Do you regularly think about the idea of courage? If Google Trends is any indicator, not many people do. Unless you are a rock climber, maybe. So what is courage? From ancient times, civilizations have described what constitutes a good person. The Greeks believed that everyone should strive to become a person of Virtue. Virtue consisted of four traits: Self-control, Wisdom, Courage and Justice. We often hear appeals for self-control, justice, and even good decision making. But appeals to courage? Not so much. Referring to Google Trends again, searching on the four traits (and related words, such as bravery) shows that Courage is the least searched idea. Yet opportunities for being courageous surely surround us. Keeping this in mind, let’s consider four types of courage: physical, social, moral and creative. Physical: People who overcome physical obstacles are highly praised in our culture. That is what sports are all about, and the self-centered feats of athletes. But if a person takes risks for the greater good, such as soldiers, firemen, policemen we esteem them differently. Social: This is being transparent and fully engaged in the lives of others or a social goal. Speaking the truth to power is this type of courage. In our culture, while these traits are admired, many of us are reluctant to exhibit social courage. Moral: Ordinary people taking a stand … standing up when everyone else sits down, that is moral courage. This could be in the context of a family, a faith group, or a political situation. In the era of the sound bite and political correctness, this type of courage is hard to find. Creative: This is about exposing your creativity to public scrutiny. It is sharing your talents, abilities, and “out-of-the-box” ideas in a vulnerable way, with no certainty that they will be accepted. Perhaps it is letting your unique light shine from under a bushel of fear. Have you seen any shining lights lately?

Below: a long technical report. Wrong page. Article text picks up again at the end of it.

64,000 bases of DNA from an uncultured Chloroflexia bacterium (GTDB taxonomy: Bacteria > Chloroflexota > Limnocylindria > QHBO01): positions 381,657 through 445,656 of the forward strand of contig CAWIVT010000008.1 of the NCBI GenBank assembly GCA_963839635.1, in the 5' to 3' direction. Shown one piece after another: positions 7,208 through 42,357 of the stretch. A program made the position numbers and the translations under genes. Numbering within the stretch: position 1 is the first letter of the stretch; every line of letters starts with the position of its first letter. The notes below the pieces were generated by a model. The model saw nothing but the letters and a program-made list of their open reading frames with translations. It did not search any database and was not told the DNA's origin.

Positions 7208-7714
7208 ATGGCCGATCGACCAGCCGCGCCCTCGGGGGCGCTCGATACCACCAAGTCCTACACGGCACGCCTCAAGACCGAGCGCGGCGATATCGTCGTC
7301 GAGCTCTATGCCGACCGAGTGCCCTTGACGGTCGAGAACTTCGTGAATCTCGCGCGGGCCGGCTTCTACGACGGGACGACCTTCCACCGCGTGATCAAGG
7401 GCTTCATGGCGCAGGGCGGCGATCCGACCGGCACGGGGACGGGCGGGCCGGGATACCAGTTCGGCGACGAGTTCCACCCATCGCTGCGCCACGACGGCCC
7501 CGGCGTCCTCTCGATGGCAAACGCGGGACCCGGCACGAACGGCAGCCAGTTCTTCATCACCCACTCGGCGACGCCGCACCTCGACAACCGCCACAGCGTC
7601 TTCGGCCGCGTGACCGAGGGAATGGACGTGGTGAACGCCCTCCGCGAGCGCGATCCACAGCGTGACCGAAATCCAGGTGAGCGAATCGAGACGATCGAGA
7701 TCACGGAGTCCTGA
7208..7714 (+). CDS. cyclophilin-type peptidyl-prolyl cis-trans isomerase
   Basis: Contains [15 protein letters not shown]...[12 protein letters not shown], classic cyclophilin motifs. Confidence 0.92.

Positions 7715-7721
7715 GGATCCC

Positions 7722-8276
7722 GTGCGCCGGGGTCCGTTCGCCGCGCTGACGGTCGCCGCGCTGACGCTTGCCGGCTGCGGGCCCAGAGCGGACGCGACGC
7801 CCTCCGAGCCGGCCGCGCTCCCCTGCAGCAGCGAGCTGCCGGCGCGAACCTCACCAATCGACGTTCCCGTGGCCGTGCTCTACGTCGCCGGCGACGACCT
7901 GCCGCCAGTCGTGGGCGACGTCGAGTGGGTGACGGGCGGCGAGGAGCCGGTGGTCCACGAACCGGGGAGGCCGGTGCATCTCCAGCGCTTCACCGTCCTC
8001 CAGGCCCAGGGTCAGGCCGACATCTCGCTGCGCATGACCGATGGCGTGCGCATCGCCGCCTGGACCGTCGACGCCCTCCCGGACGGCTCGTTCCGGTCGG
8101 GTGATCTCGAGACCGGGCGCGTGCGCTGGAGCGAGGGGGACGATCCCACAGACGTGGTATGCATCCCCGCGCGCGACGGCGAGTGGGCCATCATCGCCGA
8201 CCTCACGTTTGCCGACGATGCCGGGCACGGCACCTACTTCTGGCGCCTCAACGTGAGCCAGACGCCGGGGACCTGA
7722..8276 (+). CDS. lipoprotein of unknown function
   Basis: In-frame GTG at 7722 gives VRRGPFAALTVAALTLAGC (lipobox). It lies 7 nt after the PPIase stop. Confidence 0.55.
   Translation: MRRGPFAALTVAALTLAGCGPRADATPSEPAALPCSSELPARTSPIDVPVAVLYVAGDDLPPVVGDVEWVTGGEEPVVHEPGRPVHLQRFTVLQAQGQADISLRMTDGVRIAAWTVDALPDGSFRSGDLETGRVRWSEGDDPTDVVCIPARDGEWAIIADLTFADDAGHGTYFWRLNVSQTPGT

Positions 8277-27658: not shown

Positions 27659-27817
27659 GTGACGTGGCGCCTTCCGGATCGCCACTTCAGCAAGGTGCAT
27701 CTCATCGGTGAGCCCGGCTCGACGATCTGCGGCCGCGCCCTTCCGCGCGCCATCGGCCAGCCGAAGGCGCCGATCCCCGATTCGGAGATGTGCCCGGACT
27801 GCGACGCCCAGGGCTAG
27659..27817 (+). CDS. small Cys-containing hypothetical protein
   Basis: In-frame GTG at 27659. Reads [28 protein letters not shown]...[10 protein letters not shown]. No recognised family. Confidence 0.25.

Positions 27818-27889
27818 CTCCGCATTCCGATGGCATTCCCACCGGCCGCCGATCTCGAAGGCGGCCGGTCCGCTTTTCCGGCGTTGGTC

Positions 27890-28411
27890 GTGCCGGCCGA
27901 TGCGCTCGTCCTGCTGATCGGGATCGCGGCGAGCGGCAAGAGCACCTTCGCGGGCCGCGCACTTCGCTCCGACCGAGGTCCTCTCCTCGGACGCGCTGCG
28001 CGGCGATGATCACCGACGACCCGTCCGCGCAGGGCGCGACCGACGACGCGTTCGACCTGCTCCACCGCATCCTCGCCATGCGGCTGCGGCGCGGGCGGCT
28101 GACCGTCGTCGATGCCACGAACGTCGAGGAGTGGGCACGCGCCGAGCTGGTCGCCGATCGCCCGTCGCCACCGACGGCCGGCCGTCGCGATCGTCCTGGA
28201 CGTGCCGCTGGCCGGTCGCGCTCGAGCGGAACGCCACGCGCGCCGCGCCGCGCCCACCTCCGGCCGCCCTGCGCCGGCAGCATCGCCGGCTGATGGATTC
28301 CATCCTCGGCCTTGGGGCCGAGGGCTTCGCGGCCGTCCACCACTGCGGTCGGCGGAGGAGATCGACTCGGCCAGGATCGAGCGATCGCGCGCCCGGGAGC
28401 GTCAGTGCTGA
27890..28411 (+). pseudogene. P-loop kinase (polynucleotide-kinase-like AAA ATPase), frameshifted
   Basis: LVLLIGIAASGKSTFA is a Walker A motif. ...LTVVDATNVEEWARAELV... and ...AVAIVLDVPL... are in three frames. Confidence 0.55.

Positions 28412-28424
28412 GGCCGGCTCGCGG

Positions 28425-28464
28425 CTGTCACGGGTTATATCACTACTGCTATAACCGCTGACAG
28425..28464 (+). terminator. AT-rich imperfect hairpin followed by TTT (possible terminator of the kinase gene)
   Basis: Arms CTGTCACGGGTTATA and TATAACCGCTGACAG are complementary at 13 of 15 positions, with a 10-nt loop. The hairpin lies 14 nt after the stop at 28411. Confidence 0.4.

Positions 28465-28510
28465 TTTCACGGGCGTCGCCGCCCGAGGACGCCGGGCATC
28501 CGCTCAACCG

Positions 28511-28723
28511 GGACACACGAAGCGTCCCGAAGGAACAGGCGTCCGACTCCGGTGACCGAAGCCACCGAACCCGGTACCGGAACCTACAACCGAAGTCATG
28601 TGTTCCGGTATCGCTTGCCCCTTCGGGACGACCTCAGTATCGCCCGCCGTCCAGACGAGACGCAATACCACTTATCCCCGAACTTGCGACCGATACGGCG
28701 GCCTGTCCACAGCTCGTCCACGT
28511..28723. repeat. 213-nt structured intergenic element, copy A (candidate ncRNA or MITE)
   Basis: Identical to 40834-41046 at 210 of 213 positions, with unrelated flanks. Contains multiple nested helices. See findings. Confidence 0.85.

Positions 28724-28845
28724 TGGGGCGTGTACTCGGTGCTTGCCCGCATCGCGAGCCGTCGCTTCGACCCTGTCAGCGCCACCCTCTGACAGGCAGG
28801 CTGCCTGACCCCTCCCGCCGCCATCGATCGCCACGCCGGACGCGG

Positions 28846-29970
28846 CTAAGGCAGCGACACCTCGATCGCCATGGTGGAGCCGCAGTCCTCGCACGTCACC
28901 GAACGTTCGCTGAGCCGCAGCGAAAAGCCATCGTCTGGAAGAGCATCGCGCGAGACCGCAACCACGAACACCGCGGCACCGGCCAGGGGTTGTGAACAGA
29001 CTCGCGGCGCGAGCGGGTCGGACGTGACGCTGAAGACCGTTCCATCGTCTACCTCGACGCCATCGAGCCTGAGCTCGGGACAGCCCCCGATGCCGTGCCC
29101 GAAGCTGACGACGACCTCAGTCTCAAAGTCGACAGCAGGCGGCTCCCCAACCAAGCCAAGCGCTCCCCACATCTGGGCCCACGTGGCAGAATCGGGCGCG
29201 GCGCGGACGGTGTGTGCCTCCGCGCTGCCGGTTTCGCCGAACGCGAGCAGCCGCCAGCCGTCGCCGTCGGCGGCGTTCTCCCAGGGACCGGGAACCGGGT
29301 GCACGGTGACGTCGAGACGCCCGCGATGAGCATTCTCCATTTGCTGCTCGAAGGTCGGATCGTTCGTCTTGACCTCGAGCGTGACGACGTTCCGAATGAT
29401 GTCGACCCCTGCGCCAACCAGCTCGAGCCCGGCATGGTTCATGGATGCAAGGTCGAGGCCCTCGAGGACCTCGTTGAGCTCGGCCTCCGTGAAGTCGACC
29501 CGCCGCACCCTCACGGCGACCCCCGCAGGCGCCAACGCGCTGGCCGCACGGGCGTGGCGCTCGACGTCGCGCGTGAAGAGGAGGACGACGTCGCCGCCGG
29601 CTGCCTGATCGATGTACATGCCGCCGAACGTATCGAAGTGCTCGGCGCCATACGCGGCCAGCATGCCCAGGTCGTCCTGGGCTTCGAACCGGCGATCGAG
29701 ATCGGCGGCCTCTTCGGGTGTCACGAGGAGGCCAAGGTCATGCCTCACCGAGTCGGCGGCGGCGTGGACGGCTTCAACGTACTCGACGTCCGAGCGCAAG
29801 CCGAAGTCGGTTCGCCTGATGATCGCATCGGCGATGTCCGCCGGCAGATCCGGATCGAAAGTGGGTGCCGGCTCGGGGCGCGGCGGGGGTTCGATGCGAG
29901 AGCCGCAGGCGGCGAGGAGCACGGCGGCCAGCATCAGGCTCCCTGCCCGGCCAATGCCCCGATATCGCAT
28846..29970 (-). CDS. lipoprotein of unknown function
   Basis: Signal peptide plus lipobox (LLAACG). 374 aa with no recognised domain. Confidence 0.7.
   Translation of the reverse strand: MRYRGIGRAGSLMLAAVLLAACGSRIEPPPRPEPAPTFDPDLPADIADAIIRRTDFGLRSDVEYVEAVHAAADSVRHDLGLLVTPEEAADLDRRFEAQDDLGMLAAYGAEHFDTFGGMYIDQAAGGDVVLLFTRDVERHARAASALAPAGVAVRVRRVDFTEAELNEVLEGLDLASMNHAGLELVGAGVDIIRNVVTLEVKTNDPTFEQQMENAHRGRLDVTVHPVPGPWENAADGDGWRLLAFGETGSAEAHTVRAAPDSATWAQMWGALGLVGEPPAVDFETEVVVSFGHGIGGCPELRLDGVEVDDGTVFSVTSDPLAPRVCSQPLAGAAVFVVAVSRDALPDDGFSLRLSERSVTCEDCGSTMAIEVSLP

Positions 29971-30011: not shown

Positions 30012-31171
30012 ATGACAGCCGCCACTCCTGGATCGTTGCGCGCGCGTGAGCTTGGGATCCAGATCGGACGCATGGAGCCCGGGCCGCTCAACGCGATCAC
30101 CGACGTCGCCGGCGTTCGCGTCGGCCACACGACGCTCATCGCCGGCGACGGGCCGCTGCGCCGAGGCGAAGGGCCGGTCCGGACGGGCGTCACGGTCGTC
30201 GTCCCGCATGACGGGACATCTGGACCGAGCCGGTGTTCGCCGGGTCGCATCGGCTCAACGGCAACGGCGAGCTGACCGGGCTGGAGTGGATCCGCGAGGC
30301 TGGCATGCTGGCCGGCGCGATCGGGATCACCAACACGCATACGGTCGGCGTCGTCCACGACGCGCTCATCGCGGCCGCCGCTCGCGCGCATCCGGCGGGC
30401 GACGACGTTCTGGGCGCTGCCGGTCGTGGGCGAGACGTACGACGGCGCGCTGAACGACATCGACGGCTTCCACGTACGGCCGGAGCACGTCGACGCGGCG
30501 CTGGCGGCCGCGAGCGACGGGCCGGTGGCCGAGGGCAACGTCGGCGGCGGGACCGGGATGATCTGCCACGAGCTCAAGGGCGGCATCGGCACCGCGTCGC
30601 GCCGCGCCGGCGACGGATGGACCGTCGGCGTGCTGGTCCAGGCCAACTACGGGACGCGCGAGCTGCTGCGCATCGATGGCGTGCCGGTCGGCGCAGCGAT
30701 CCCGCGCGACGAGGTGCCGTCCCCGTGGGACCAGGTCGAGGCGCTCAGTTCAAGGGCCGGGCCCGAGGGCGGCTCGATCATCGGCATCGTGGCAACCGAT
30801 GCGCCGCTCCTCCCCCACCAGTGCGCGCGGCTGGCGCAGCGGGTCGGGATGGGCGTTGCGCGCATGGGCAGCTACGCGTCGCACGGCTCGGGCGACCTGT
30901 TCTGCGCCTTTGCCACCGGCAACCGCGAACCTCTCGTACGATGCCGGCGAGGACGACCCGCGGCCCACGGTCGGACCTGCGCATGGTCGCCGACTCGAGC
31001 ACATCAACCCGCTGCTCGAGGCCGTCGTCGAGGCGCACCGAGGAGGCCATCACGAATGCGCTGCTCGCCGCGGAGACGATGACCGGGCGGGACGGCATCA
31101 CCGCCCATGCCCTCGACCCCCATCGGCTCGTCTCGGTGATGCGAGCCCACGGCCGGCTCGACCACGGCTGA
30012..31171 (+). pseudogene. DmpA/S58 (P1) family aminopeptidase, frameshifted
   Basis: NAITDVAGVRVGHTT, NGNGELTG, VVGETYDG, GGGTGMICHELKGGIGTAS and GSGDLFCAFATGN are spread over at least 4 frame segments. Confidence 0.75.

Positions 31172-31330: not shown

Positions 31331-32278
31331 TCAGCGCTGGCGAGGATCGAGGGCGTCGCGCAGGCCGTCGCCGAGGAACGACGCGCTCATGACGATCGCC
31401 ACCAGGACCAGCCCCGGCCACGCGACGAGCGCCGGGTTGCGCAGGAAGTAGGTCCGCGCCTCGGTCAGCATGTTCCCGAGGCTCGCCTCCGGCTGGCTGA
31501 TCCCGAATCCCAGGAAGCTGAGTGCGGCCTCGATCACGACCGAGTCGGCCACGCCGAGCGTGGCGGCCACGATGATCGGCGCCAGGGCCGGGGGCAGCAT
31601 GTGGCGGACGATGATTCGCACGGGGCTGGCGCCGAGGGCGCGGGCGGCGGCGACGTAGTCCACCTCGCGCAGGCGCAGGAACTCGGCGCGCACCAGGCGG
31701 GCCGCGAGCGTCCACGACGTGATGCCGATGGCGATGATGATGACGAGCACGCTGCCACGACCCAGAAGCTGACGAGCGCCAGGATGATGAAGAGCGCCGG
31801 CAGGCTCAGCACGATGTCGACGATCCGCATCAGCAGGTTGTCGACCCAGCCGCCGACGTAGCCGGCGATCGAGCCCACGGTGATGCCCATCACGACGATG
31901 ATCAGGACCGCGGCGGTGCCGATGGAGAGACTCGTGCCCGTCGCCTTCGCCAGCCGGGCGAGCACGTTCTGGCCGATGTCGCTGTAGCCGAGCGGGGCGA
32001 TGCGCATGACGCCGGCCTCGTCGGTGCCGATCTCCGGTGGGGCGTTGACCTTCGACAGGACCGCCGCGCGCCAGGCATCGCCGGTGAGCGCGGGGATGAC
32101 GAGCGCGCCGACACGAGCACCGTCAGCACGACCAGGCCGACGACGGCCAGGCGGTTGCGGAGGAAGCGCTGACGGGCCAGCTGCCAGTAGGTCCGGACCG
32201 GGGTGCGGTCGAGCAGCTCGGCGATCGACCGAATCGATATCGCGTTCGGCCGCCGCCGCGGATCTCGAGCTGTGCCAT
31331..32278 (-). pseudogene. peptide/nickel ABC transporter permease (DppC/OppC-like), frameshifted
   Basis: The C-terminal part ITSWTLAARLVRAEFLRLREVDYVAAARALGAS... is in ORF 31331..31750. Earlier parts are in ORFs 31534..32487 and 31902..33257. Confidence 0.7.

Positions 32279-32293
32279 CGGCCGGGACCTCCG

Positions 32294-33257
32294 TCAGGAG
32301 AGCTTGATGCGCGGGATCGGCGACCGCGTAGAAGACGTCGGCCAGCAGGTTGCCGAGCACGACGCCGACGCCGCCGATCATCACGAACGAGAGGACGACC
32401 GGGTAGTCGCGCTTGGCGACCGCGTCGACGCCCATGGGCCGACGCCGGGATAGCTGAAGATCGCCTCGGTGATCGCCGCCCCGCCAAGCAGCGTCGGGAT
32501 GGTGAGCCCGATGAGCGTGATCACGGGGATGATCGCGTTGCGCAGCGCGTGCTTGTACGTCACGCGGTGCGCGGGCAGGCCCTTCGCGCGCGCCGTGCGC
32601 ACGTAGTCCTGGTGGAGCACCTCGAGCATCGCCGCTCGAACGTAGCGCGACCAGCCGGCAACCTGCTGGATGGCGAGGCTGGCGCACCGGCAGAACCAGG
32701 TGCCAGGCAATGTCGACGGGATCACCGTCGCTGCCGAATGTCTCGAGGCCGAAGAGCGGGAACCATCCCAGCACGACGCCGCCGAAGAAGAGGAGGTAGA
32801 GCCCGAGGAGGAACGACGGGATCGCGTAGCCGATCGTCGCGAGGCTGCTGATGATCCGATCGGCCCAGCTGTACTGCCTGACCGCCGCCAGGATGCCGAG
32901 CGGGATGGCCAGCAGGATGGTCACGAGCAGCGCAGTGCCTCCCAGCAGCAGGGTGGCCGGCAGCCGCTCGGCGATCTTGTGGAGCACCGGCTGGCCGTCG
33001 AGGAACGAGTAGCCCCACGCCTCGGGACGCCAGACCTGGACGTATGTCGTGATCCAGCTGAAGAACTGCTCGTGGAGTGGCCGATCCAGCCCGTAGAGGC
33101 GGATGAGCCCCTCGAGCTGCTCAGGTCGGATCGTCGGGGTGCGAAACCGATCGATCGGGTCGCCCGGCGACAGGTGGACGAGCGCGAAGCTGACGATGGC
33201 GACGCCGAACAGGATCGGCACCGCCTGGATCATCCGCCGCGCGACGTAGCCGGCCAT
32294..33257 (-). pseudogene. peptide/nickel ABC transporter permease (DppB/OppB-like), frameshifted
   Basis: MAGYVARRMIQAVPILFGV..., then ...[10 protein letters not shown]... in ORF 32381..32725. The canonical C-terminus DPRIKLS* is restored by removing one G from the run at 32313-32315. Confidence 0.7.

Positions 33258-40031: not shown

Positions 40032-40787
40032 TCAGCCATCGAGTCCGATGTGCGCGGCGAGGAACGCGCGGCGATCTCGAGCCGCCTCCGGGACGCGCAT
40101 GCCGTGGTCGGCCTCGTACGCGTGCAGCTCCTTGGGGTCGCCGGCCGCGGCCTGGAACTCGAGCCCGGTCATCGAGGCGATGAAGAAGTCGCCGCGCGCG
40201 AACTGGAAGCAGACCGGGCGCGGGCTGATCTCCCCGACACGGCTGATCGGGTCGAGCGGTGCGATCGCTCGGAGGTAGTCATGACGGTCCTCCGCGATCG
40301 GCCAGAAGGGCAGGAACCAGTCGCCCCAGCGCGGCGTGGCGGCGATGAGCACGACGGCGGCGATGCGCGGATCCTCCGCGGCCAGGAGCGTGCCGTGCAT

Call to Action: Have you seen courage in action lately? Was that person you?

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